There is an ongoing debate on whether the American Hairless Terrier is suited to families with young children or not. It is generally accepted that with early training from an experienced owner, they should settle in well with sensible children. Precautions should be taken around young children when the dogs are puppies, as they are relatively small and should be handled with care.


Photo of American Hairless Terrier puppy

Often described as one of the easiest terriers to train, the American Hairless Terrier is a breed that is always eager to please. They compete successfully in agility and obedience, but like all terriers, can possess a mischievous streak and may be stubborn. They need a firm trainer who will not allow them to become dominant, and respond best to positive reinforcement style training.


Generally a robust dog, the American Hairless Terrier will commonly reach their mid to late teens. As their hairlessness is a recessive trait, they do not tend to suffer from the dental abnormalities or breeding complications that can plague other hairless breeds. Unfortunately, due to the limited breeding stock, there are, however, a number of conditions which this breed is prone to, including:

Legg-Calvé-Perthes Disease

Normally apparent at six to eight months of age, this is a condition in which the head of the femur bone degenerates, resulting in the disintegration of the hip joint. Affected dogs will have painful hips and noticeable muscle wastage.

Patellar Luxation

One of the most common causes of hind limb lameness in all terriers. The knee cap will dislocate from its groove, eventually causing arthritis over time. An affected dog may be seen to hop intermittently on one or both back legs when walking or running.

Congenital Liver Shunt

A relatively uncommon condition, a liver shunt is the improper flow of blood as it bypasses the liver. Affected dogs may exhibit stunted growth and neurological signs. In some cases, a surgery will be curative.


A chronic disorder in which the dog will experience seizures. While there is no cure, many patients are managed well with medication.

Allergic Skin Disease

One of the most common afflictions of all dogs, the American Hairless Terrier can be prone to itchy skin and allergies. Due to their lack of fur, signs are obvious at an early stage, meaning veterinary treatment can be sought in the beginning of the disease process.


Diabetic dogs are unable to produce or respond adequately to insulin, resulting in abnormally high blood sugar levels. Signs can include excessive thirst and hunger, weight loss and lethargy. These animals are generally managed with long-term insulin injections and a tailored diet.

Cushing’s Disease

Also known as Hyperadrenocorticism, this is a complex endocrine disease which can cause a variety of symptoms, including excessive thirst, panting and recurrent infections. It can be managed with daily medication (usually tablets).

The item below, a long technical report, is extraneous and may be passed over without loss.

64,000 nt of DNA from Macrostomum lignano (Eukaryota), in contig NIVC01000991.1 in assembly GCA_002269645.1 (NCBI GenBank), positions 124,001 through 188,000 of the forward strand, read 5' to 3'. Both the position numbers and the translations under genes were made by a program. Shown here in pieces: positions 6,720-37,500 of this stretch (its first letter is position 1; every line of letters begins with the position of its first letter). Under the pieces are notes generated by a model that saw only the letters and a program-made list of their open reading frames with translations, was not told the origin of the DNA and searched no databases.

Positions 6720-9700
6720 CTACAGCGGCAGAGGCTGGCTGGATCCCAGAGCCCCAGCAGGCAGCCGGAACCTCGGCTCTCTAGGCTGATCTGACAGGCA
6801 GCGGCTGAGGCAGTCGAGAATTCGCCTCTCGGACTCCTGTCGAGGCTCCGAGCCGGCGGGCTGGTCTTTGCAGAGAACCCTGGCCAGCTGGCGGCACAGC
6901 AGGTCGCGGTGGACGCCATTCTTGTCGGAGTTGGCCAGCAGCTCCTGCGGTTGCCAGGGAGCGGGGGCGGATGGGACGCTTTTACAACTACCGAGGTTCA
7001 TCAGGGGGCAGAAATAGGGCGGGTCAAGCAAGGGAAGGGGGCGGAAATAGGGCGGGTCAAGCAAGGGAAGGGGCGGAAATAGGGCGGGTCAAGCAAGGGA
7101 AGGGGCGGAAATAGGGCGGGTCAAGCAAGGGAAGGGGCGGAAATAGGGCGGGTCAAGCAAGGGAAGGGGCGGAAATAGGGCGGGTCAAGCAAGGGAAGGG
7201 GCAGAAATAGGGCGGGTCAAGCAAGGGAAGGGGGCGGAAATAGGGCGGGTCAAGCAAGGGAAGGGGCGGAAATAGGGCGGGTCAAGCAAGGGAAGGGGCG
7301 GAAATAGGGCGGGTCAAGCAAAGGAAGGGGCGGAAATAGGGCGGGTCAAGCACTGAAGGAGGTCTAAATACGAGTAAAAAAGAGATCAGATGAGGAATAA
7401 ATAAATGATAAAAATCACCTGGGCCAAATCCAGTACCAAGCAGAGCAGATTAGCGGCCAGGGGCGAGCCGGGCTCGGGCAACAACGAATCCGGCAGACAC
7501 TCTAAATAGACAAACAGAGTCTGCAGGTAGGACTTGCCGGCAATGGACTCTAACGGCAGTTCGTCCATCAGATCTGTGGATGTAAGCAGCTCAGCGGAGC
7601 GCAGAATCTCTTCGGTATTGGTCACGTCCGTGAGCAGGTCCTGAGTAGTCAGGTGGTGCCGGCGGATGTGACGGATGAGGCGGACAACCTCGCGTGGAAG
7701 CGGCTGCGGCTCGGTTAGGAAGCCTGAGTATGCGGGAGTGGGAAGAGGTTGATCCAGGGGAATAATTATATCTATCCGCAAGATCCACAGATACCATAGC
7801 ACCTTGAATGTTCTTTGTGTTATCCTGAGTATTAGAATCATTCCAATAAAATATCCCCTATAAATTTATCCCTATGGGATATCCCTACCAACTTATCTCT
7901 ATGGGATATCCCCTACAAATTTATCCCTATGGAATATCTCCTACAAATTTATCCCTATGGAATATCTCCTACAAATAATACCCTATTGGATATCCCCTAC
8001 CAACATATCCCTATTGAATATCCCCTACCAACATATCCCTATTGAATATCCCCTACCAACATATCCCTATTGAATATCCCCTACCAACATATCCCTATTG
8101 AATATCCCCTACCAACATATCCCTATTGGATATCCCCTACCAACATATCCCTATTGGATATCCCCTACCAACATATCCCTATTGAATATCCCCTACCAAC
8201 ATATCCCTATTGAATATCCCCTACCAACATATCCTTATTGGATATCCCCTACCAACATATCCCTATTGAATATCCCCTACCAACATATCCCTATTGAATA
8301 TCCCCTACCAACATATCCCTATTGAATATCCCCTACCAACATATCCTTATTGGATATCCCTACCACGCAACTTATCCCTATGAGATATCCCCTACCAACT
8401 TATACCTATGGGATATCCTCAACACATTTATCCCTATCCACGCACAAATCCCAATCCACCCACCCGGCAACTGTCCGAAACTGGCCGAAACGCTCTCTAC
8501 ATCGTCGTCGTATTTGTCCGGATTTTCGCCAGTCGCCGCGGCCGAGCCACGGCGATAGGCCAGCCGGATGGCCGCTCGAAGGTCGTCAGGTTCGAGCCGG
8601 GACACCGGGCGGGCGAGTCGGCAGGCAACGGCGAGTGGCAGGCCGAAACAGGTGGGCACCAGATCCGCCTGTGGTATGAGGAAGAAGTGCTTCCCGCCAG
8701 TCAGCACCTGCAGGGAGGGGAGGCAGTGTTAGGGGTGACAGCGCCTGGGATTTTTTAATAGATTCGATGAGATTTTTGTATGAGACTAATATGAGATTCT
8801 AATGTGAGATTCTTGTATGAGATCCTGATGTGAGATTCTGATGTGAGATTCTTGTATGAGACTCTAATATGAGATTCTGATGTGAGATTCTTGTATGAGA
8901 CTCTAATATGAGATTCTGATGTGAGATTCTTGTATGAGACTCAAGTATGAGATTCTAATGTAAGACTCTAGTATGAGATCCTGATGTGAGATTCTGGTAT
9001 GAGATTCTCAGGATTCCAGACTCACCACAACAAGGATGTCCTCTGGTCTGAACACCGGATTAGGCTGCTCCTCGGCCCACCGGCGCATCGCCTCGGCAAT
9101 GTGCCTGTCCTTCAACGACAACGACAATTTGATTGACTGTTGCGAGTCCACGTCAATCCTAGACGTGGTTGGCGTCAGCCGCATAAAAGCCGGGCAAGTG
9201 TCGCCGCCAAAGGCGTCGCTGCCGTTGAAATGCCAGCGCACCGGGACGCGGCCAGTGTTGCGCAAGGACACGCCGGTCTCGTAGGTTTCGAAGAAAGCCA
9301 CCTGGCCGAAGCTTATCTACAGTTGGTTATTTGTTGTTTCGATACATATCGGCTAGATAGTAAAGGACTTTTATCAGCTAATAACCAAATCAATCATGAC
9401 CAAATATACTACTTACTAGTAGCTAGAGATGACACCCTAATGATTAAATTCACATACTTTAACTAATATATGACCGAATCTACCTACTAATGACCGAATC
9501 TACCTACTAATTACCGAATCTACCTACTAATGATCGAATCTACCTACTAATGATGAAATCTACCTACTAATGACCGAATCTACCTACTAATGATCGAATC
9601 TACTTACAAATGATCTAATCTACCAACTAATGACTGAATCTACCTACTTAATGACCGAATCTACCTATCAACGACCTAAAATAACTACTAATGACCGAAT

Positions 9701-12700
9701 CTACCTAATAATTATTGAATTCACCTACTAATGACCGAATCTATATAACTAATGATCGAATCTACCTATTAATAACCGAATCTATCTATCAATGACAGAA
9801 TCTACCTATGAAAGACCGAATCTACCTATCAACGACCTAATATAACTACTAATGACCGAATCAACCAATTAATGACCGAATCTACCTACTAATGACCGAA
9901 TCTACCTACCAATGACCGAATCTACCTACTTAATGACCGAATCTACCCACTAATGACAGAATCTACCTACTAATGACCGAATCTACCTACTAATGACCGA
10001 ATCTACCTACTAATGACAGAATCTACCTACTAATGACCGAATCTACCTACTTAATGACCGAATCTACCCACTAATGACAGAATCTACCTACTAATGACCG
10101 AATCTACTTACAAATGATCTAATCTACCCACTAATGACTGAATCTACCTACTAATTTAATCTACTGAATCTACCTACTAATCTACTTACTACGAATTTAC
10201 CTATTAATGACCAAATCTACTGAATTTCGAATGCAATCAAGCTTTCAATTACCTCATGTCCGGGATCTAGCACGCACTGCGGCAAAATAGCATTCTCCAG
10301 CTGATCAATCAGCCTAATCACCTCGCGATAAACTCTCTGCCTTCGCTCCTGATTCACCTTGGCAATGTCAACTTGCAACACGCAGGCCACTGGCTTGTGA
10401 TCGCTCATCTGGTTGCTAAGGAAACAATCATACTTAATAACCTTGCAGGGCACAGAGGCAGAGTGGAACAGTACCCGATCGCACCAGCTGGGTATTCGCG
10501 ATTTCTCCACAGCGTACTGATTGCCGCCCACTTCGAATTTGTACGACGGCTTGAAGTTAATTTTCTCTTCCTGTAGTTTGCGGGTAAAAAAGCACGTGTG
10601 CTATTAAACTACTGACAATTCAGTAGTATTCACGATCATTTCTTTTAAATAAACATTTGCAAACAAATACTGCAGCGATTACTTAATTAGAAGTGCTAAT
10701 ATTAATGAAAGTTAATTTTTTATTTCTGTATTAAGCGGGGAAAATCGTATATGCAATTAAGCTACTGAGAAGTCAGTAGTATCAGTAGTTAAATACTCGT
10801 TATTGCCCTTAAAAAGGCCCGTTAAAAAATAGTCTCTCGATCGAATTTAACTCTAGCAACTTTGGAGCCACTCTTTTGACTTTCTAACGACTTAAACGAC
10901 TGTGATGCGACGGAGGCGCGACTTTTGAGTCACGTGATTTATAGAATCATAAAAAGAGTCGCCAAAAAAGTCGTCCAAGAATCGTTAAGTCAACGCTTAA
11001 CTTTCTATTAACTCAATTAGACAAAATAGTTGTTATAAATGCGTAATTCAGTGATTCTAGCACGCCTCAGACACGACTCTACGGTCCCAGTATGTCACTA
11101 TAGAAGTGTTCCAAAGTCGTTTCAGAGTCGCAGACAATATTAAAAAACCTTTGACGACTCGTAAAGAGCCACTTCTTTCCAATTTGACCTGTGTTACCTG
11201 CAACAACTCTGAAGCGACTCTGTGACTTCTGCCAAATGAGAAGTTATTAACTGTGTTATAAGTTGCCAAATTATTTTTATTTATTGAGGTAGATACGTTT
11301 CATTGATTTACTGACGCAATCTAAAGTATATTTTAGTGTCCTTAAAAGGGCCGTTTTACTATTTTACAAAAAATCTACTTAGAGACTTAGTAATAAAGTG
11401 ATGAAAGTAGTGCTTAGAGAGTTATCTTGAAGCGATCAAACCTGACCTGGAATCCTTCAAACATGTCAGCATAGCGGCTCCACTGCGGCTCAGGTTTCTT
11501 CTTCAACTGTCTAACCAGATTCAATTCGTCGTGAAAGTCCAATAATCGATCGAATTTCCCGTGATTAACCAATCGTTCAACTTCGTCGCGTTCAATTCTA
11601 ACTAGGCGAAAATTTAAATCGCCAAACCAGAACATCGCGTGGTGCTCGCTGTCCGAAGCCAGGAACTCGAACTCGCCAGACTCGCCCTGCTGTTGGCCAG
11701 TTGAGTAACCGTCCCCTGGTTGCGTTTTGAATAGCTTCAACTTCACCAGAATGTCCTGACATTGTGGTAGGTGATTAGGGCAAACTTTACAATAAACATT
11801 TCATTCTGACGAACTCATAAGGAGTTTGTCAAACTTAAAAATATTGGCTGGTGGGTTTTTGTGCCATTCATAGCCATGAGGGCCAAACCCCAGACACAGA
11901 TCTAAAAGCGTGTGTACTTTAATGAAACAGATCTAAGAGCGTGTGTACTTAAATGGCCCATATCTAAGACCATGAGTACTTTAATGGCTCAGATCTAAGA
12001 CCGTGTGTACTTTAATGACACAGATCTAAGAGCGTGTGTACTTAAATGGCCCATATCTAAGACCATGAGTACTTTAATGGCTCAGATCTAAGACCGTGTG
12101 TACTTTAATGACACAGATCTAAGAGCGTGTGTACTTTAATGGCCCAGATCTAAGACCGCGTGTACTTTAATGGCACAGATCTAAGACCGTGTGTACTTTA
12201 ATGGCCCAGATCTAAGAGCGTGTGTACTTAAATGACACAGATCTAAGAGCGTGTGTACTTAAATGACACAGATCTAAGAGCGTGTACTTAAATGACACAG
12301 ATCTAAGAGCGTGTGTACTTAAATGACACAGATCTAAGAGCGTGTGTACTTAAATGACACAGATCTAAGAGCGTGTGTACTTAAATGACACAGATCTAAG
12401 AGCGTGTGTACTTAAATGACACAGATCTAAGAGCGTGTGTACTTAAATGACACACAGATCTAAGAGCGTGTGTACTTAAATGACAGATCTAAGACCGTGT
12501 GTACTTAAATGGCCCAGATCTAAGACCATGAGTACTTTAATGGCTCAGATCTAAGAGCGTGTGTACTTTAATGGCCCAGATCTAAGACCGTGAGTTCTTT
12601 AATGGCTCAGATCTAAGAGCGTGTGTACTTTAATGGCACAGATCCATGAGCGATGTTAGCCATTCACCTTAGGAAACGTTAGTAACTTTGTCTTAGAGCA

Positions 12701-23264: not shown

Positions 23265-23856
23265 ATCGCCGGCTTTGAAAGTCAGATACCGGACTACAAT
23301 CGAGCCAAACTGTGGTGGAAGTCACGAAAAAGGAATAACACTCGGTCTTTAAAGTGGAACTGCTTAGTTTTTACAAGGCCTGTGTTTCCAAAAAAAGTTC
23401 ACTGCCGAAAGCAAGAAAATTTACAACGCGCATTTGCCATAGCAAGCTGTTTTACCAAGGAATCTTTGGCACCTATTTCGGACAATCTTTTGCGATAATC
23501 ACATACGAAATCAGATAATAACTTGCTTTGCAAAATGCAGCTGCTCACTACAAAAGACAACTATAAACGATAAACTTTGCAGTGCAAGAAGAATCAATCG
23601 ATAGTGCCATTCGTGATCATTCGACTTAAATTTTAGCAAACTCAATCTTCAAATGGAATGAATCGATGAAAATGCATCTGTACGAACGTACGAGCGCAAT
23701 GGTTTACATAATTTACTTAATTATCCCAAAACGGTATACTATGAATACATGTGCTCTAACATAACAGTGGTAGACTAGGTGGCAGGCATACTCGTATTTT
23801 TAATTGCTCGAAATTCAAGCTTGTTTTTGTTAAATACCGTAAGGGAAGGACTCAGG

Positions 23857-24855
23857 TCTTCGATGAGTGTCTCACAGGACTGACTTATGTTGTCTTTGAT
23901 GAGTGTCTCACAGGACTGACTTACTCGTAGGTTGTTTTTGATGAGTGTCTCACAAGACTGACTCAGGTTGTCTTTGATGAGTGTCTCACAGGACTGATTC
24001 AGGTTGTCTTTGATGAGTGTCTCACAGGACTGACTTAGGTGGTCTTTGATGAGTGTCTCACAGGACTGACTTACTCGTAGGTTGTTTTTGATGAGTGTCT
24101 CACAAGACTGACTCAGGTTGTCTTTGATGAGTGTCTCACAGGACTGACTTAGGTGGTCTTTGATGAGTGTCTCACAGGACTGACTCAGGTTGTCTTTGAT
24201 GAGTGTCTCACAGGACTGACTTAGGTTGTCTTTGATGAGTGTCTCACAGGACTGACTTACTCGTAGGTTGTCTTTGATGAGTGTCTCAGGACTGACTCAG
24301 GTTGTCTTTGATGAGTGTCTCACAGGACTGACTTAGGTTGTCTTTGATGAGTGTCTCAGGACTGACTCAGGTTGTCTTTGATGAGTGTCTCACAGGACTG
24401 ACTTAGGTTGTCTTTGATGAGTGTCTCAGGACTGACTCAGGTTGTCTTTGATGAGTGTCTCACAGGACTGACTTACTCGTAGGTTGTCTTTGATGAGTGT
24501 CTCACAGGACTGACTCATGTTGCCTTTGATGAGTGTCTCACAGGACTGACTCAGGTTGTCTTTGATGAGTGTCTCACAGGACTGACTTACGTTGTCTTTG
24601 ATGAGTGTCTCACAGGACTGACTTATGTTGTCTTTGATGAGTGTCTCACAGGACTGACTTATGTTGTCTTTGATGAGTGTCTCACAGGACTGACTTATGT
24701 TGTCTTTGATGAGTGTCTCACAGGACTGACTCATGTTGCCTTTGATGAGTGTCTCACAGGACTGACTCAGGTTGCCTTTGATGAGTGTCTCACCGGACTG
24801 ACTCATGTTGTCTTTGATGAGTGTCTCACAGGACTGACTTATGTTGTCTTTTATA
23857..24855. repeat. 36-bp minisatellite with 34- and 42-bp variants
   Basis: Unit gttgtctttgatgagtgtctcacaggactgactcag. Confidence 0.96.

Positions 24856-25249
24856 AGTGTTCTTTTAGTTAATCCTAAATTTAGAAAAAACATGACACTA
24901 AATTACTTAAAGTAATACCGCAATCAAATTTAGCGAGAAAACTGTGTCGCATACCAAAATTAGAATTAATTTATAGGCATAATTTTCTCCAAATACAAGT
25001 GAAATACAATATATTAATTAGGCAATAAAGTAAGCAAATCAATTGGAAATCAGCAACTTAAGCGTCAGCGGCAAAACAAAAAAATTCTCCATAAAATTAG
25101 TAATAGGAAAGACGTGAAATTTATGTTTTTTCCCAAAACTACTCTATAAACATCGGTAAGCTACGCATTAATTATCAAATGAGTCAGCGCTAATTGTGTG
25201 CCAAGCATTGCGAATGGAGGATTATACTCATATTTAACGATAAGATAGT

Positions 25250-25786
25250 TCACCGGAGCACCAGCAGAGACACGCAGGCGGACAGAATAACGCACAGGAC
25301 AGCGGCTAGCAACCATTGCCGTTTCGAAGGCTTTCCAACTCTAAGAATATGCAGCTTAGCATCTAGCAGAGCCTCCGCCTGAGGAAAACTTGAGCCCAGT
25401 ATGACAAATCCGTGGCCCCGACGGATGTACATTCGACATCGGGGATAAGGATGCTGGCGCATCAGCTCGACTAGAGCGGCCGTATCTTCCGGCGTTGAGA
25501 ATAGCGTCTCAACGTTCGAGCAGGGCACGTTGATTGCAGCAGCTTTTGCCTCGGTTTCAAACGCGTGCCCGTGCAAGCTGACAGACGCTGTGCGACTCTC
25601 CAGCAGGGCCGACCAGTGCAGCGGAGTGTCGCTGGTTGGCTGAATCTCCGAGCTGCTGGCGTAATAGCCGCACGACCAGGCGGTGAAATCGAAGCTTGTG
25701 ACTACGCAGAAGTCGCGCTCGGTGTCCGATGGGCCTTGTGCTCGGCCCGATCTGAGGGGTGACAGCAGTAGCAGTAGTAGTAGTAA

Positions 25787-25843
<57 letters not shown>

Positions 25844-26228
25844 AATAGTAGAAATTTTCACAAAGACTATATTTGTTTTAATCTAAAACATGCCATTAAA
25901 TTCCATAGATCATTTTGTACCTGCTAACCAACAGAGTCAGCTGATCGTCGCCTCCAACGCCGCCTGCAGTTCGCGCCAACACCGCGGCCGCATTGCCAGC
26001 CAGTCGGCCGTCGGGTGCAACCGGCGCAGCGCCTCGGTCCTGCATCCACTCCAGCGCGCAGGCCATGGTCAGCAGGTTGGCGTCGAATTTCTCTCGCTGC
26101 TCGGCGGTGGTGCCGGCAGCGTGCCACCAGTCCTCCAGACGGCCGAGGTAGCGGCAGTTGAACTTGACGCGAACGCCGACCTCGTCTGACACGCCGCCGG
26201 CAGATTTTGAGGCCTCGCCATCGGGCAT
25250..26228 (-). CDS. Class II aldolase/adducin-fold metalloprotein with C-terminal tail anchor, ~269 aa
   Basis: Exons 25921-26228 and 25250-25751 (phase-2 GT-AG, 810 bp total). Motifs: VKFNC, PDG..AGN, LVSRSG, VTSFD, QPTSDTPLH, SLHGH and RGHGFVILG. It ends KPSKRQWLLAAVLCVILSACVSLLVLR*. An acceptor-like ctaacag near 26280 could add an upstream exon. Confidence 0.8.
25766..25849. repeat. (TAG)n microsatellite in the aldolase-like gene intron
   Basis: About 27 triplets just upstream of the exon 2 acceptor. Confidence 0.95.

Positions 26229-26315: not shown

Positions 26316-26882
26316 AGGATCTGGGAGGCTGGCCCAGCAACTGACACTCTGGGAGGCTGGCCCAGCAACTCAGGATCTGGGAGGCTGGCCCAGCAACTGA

Primary Lens Luxation

A disorder which particularly affects terriers, and which should be screened for in breeding parents. The lens in the eye will move out of place (either backwards or forwards) resulting in pain and ultimately blindness.

Demodectic Mange

A parasitic skin disease caused by the microscopic Demodex mite, generally occurring in young or immune-suppressed individuals. They may itch and develop secondary skin infections. Some puppies will naturally grow out of the condition, while others will require prescribed medication to fight off the mites.


Lacking protection from fur, sun cream should be applied to these dogs when out in the sun for extended periods of time.

Exercise and Activity Levels

Energetic and playful, the American Hairless Terrier needs daily walks and stimulation. A bored terrier will quickly become destructive, and may chew or bark incessantly. Ideally, they should be provided with an area in which they are allowed to dig, as it is a behavior that comes naturally to them. They are suited to living in confined spaces such as apartments due to their small size, as long as ample entertainment and exercise is provided.


Grooming for the American Hairless Terrier is much more about skin care. They should be bathed in a mild shampoo regularly. Sun cream is vital in warmer months, and they will need a coat or jumper in cold weather. Due to their lack of hair, they are the perfect breed for allergy sufferers or those who dislike fur shedding in their home. The coated variant of the breed does routinely shed, and although they have very short fur, they do need to be brushed routinely.

Famous American Hairless Terriers

Josephine, the very first American Hairless Terrier, is the most well-known of her breed.


There are currently no popular cross-breeds of the American Hairless Terrier.